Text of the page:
Pradeep,

Thanks for your efforts! I cannot download any paper. Did you ask another person to try?

 

Roy

 

The submission deadline has been extended

Tue, 2020-03-17 02:45

In reply to Call for Abstract Submission to SES2020 Symposium "Distinct Element Method Mechanics Across Scales And Domains"

Submission deadline: March 31, 2020

The submission deadline has been extended from March 17, 2020 to March 31, 2020. Below is the list of scientific tracks and the minisymposia titles for abstract submission for the 2020 SES conference.

Please review before entering your abstract submission.

mesh size and analysis effects

Mon, 2020-03-16 01:32

In reply to flexural wave propagation

By choosing the wrong equilibrium or mesh size, some elements of the stress wave analysis do not and therefore are not included in the analysis.

Dear Ajit and Miguel,

Sun, 2020-03-01 05:05

In reply to About training cost for ML algorithms

Dear Ajit and Miguel,

Thank you for your reply. Your comments are very insightful.

 

Chenna

Some videos from this work

Fri, 2020-02-28 21:49

In reply to Fatigue-resistant hydrogel adhesion

https://static-content.springer.com/esm/art%3A10.1038%2Fs41467-020-14871...

Video 1: 90-degree peeling of fatigue-resistant hydrogel adhesion on a glass substrate under cyclic loading. 

https://static-content.springer.com/esm/art%3A10.1038%2Fs41467-020-14871...

Video 2: Fatigue-resistant hydrogel coating on a stainless steel plate sliding against cartilage.

About training cost for ML algorithms

Fri, 2020-02-28 06:52

In reply to Aspects of computational cost in ML algorithms

Dear Chenna,

Your question is very relevant. Here's my two cents on this:

  • Usually, the very large computational costs that you are referring to are associated to deep learning tasks on massive datasets with high dimensionality. If you go to AI conferences, you hear about training times of several weeks in super computers with state-of-the-art GPUs. This makes sense because you have to find billions of weights for complex network architectures that need to learn from enormous datasets. Certainly, there will be problems in Computational Mechanics where addressing this research question is going to be important. Some pointers have been provided by Ajit already, and there are many more ideas out there.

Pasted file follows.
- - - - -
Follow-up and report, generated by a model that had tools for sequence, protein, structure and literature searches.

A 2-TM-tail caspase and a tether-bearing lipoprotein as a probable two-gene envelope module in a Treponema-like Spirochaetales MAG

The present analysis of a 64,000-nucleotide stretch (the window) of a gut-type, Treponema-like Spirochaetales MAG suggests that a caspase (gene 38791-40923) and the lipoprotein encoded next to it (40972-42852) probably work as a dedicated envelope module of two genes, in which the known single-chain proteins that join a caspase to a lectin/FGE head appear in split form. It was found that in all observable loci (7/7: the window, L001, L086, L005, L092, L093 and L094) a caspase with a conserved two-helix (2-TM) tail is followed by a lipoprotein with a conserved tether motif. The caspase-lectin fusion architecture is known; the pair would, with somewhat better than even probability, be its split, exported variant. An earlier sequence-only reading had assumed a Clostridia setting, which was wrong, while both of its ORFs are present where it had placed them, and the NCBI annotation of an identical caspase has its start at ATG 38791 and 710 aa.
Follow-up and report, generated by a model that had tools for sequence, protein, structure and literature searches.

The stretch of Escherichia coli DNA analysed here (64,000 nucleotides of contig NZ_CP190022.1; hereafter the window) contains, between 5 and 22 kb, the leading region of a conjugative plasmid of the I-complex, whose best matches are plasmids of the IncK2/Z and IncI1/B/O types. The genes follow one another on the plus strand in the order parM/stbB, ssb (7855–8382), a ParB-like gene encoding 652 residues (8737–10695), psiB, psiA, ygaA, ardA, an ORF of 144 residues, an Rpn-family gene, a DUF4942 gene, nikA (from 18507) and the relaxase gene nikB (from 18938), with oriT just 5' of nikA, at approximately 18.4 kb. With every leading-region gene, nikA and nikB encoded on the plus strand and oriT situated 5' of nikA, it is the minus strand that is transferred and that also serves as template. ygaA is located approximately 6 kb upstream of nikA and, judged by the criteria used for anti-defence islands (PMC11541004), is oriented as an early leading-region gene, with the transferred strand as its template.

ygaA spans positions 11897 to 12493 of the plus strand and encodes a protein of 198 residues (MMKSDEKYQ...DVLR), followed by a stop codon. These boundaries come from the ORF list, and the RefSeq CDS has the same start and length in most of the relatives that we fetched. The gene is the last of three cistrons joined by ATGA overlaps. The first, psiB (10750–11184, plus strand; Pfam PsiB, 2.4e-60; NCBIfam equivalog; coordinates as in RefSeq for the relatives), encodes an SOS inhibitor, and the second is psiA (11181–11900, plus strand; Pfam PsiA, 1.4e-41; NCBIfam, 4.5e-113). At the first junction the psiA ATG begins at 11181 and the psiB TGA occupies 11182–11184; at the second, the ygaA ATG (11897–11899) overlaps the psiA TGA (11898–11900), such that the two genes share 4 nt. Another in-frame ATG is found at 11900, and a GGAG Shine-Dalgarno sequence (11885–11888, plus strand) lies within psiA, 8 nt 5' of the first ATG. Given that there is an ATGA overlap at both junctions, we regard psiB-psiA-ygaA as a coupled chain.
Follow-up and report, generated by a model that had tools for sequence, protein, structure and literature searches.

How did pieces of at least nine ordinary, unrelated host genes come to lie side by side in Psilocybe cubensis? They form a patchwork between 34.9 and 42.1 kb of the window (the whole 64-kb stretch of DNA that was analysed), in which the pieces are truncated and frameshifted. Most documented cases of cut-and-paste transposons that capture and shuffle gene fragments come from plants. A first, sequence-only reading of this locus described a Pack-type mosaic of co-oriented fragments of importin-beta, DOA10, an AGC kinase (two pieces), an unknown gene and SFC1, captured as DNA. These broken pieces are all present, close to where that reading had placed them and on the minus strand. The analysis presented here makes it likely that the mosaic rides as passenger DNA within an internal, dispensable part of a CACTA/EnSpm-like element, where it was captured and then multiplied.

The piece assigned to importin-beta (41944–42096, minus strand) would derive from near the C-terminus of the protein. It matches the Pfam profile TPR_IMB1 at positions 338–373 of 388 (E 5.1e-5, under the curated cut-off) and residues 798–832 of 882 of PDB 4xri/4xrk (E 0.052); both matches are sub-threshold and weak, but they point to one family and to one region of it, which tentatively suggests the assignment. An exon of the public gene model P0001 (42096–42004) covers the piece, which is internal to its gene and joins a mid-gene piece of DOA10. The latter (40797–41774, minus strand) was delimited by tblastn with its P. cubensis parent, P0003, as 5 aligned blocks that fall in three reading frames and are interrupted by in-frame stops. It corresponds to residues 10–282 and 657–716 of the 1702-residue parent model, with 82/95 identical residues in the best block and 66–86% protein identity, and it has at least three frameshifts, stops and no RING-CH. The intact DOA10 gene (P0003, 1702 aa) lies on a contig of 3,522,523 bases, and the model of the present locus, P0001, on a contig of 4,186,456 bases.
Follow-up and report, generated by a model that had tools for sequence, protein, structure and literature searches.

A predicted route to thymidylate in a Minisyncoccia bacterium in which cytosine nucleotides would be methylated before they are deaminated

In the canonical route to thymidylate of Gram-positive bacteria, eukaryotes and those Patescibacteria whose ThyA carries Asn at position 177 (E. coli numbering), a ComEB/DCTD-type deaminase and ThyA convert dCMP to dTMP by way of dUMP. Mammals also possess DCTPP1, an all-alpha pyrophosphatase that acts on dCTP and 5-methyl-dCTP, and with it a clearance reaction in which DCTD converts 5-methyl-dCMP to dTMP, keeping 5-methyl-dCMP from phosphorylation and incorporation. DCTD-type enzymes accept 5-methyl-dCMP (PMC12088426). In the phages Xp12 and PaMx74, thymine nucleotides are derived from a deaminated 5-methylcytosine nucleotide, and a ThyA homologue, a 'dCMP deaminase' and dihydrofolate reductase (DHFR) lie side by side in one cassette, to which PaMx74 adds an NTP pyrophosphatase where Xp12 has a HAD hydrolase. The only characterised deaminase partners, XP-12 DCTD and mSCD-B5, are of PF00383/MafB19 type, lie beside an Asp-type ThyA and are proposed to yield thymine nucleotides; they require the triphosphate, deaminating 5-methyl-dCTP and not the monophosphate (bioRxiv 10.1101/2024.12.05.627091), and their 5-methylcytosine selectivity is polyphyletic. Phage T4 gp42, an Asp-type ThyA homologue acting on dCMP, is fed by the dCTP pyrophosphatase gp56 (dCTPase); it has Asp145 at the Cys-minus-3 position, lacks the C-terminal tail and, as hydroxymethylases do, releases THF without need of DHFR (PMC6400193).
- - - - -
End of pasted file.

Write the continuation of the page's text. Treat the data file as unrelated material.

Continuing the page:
• A large class of problems in Computational Mechanics does not have access to such large datasets, especially if the data comes from low-throughput experiments of a single lab (most common in our community) or from high-fidelity simulations that predict complex behavior for a specific problem (plasticity, fracture, fatigue, fluid-structure interaction, turbulence, etc.). In those cases, what the average mechanics person considers "a lot of data" is actually very little data in the context of Computer Science. For example, training neural networks on datasets of 100,000 points and reasonable dimensionality is usually not a big deal once you get familiar with the tools.

I hope this addresses directly the question you asked, and I hope more people like Ajit can provide more insight. Best,

Miguel

Computational costs in ML vis-a-vis in traditional techniques

Fri, 2020-02-28 02:51

In reply to Aspects of computational cost in ML algorithms

1. Computational costs involved in training ANNs, esp. complex DL-networks, can be enormously high. However, once the network is trained, drawing an inference is, comparatively speaking, extremely fast.

2. I haven't run into comprehensive theoretical analyses regarding computational complexity of modern (latest) DL networks, esp. those using GPGPU's and clusters. For some empirical data, see, e.g., https://arxiv.org/abs/1811.11880 .